6.08.2010

Summer Pen Care

It's getting hot out there for most of us (and somewhat warm in Alaska). Funny things can happen when "the mercury rises" to the innocuous items that you own. Take your pens, for example: Extreme temperatures and prolonged exposure to sunlight can cause water-based ink to dry up and lead to poor flow, clogging or combustion (just kidding on the last one).

"Why do pens need care?"
You want them to work for you when you're in a pinch, right? You want to have that serendipitous idea for your next blog post written down before it escapes your brain and out into the ether. When you realize that you're out of sunscreen and need to jot it on your shopping list, you want to be able to pull out a working pen, or you may otherwise be burned.

Keep your pens in a dark, cool place.
Although your Waterman looks really awesome resting on the shoulders of the pewter Atlas on your desk, consider the amount of direct sunlight that is pouring in through the nearby window, beating down on your workstation. Sure, it's a beautiful view for you as you plot your early escape from the office on Friday afternoon, but your pen is probably getting more of a tan than you can shake a fist-pumper at. Not that you needed a better reason than the klepto co-worker to stash your pens in the desk drawer, but it would especially be a good idea to do so in the summertime.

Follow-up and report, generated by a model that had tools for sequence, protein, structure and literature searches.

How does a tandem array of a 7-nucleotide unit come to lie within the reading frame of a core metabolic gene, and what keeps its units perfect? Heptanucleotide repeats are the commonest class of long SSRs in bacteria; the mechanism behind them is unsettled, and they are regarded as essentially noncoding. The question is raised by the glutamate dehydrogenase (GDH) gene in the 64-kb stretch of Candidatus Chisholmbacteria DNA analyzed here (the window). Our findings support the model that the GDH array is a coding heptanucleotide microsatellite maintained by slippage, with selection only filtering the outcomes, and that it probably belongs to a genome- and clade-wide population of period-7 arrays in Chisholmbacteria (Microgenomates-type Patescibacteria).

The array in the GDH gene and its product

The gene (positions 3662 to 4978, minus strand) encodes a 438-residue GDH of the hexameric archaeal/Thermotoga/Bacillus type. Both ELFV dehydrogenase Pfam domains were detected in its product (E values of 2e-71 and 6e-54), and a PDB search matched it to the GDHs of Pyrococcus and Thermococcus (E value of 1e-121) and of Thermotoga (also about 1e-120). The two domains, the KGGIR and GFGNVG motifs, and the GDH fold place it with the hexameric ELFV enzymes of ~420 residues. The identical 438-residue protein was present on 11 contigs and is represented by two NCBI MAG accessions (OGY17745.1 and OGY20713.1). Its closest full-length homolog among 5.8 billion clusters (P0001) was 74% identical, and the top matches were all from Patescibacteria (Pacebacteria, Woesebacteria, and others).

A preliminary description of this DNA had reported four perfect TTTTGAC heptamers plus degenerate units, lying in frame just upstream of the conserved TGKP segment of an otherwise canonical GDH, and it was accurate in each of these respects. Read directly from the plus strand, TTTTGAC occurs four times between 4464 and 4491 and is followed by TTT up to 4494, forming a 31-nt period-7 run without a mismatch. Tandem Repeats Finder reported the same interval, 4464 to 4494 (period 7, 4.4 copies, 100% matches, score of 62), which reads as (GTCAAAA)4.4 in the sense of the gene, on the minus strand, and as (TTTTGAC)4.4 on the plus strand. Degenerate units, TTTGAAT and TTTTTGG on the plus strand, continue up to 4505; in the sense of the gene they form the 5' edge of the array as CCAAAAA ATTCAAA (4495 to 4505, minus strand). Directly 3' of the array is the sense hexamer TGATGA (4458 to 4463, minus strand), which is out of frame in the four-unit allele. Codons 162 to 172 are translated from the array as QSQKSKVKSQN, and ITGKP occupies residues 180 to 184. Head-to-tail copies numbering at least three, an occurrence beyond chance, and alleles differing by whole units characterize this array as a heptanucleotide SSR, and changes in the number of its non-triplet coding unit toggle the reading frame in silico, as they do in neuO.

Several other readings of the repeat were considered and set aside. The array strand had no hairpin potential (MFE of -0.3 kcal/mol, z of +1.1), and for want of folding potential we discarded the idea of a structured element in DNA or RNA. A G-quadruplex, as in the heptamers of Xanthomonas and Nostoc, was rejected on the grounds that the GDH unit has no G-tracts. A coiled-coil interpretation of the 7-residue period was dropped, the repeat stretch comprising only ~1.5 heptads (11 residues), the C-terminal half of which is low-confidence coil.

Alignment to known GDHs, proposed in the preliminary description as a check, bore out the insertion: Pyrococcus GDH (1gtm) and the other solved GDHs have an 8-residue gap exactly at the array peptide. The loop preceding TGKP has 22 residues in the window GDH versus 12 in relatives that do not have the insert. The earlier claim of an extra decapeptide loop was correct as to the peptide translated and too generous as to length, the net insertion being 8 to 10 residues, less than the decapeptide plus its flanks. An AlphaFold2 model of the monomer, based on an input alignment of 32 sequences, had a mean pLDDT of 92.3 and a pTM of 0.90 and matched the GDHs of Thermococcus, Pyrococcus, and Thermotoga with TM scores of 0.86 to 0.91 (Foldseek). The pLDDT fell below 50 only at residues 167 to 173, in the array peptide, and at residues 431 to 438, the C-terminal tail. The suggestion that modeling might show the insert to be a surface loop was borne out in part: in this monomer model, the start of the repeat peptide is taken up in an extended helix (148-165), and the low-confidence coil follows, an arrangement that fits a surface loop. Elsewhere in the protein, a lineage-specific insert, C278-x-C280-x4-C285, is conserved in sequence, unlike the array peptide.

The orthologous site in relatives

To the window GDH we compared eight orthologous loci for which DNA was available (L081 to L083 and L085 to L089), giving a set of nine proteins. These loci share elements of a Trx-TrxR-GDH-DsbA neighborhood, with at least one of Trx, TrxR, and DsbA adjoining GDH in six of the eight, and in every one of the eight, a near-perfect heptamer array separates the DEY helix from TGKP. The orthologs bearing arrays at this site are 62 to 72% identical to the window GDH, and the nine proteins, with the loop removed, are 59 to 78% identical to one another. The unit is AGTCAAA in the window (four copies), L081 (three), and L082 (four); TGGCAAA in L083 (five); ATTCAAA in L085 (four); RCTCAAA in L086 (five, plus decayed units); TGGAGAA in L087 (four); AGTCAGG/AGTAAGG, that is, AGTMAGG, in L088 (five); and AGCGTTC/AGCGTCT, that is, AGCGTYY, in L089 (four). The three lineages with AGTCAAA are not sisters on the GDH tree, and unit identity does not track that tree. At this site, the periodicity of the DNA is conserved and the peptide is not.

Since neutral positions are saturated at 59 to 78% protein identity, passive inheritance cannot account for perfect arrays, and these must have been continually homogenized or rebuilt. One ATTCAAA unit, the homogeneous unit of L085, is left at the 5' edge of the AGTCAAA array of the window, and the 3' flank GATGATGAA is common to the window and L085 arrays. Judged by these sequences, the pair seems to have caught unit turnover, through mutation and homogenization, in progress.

Put them in a case while commuting.
OK, so you may not have a problem with being at your office or place of work since Bernice is always having hot-flashes and cranks the AC low enough to hang icicles off the copier, but you may want to travel with your pens, which poses more of a threat to their well-being. I habitually remove my pens clipped to my shirt pocket and put them back in my briefcase at the end of the day to go home. This prevents the pens from being directly exposed to the sun while I get behind the wheel of my sauna on wheels.

Would you on a plane or a train?
Lots of folks are traveling on summer vacation and my want to bring the trusty fountain pen along for the journey. On a plane, it is recommended to either fly empty or fly full. Most likely, you're not going to get past TSA with a few bottles of Noodler's in your carry-on, so be sure to fill before packing the toiletries at home. In the past, I've opted to travel with a ballpoint. Although, as an avid fountain pen user, it kills me to do so.

Wipe off the Perspiration.
One of our most popular pen brands, Sensa, is designed with a gel grip that sometimes "perspires" the plasmium gel that is inside the grip, which is sticky, but wipes off well with a paper towel and some Windex. We find that this happens mostly in the warmer weather of the summer months.

Keeping refills Fresh.
Bottled ink and refills should also be given the same cool, dark environment that the pens are hanging out in. If you have refills, you can ziplock them in baggies to "seal in" the freshness. Most refills we sell have caps or arrive in blister packaging that help add to the shelf-life of the cartridge.

If anyone has any personal experiences that they would like to share regarding their pens and heat-related effects, please drop us a comment below. Please feel free to ask for advice if you are stuck in a "hot mess."

1 comment:

  1. Thanks for the advice! Since I live in Phoenix, AZ, even a pen in a case in my backpack gets baked. Sigh. I'm forced to leave them all at home. Besides, there is NO fountain pen friendly paper in the office. Another sigh.

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